Mount of OlivesMay 24, 2015 in Palestine ⋅ ⛅ 21 °C
Our travels yesterday included a stop at Mt. Scopus and a good look at a first century tomb as Jesus would have been buried in. We took long, winding walk down the Mount of Olives. With thousands of other tourists and pilgrims, vendors and swindlers (not to mention “Jerusalem Taxi” camels), we stopped at the holy sites on the hill including the traditional site of the Garden of Gethsemane (Church of the Nations), and the church where Jesus wept over Jerusalem. We then headed south from Jerusalem to the egotistical Herodium. We spent the afternoon at the traditional site of the Shepherds Field and then on to Bethlehem to finish the day.
There were so many lessons wrapped up in our travels today. Seeing the Old City of Jerusalem from the Mount of Olives broke down many pre-conceived ideas I had about the city; the most prominent of which is that Jerusalem isn't really on a hill. More like down in a ditch. I was always taught that it was a “city on a hill...” which is true if you’re coming to Jerusalem from fifty miles out. It is a truth for travelers.
But once you get here, Jerusalem is down in a valley with mountains rising on almost every side. It’s not the lowest thing around, but it comes close. The entire two mile long ridge of Mount of Olives looks down on the city. It begs the question why David chose this spot for the capital city and eventually the Holy Temple of God. It seems to many who visit that the lower elevation would compromise the perception of divine credibility. “What kind of god lives in a hole?”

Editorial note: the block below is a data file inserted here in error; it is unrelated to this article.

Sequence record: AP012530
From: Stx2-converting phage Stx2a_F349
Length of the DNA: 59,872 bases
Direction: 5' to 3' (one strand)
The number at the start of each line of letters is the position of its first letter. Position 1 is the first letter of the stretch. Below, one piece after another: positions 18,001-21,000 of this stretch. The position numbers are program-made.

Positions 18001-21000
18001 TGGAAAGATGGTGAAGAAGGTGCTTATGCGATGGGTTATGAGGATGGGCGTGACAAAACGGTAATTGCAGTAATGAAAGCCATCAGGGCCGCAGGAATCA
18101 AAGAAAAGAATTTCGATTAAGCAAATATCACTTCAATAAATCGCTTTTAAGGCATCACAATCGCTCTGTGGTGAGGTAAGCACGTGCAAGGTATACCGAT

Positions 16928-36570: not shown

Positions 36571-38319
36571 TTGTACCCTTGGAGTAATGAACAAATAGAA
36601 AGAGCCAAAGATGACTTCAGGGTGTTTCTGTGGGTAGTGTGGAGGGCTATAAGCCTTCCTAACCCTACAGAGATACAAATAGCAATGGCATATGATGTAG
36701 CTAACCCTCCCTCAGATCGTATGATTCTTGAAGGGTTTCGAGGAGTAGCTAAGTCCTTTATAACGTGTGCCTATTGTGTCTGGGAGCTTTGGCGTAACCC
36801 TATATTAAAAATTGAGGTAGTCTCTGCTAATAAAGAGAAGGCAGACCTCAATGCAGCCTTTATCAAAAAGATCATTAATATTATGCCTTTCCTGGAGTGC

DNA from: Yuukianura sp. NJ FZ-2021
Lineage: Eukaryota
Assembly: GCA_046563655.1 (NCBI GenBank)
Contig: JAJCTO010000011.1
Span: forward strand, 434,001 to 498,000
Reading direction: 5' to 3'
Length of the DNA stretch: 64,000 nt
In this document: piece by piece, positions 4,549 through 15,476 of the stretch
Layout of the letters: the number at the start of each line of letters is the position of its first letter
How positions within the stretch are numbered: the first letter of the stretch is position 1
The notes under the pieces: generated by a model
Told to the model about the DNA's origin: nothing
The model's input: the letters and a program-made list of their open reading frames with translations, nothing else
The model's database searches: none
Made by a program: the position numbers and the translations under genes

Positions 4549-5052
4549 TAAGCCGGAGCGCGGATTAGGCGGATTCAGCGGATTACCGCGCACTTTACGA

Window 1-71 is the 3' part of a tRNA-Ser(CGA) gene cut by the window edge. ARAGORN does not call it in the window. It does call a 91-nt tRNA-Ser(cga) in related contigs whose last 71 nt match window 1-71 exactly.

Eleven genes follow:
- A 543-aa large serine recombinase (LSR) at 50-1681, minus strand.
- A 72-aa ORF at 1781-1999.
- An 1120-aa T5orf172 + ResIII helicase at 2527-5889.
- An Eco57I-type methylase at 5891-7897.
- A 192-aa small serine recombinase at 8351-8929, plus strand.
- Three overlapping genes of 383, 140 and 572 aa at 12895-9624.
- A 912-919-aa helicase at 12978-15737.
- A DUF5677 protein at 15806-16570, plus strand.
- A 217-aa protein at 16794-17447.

I read Isaiah 2:2. “It shall come to pass in the latter days that the mountain of the house of the Lord shall be established as the highest of the mountains, and shall be lifted up above the hills.” And I am reminded once again that God’s got a plan, and once again, it’s the very thing we don’t expect.
I am learning that place participates with struggle. Let me explain that. As Jesus agonized in the Garden of Gethsemane over his impending death (which included not just extreme physical pain, but an encounter with the full-on wrath of God), the Judean Wilderness was right there. Within a half-day walk, Jesus could flee His purpose and be lost in the crags and canyons of the wild just to the East of the garden. From the Mount of Olives, Jesus could see a way out. This moment might be the closest we come to losing our salvation. He is on the cusp of walking away.
We learned (an advantage to walking this land) that often in the Bible when someone walks to the east, bad things happen. Adam and Eve are cast to the East, the Tower of Babel is to the East, David flees to the East…
So that night, even though he seemed ready to walk east, Jesus went west to Jerusalem and the cross.
Standing in the olive trees, I could feel a tiny corner of His temptation to flee. It worried me and made me glad the fate of the world was not resting on these broken shoulders.Read more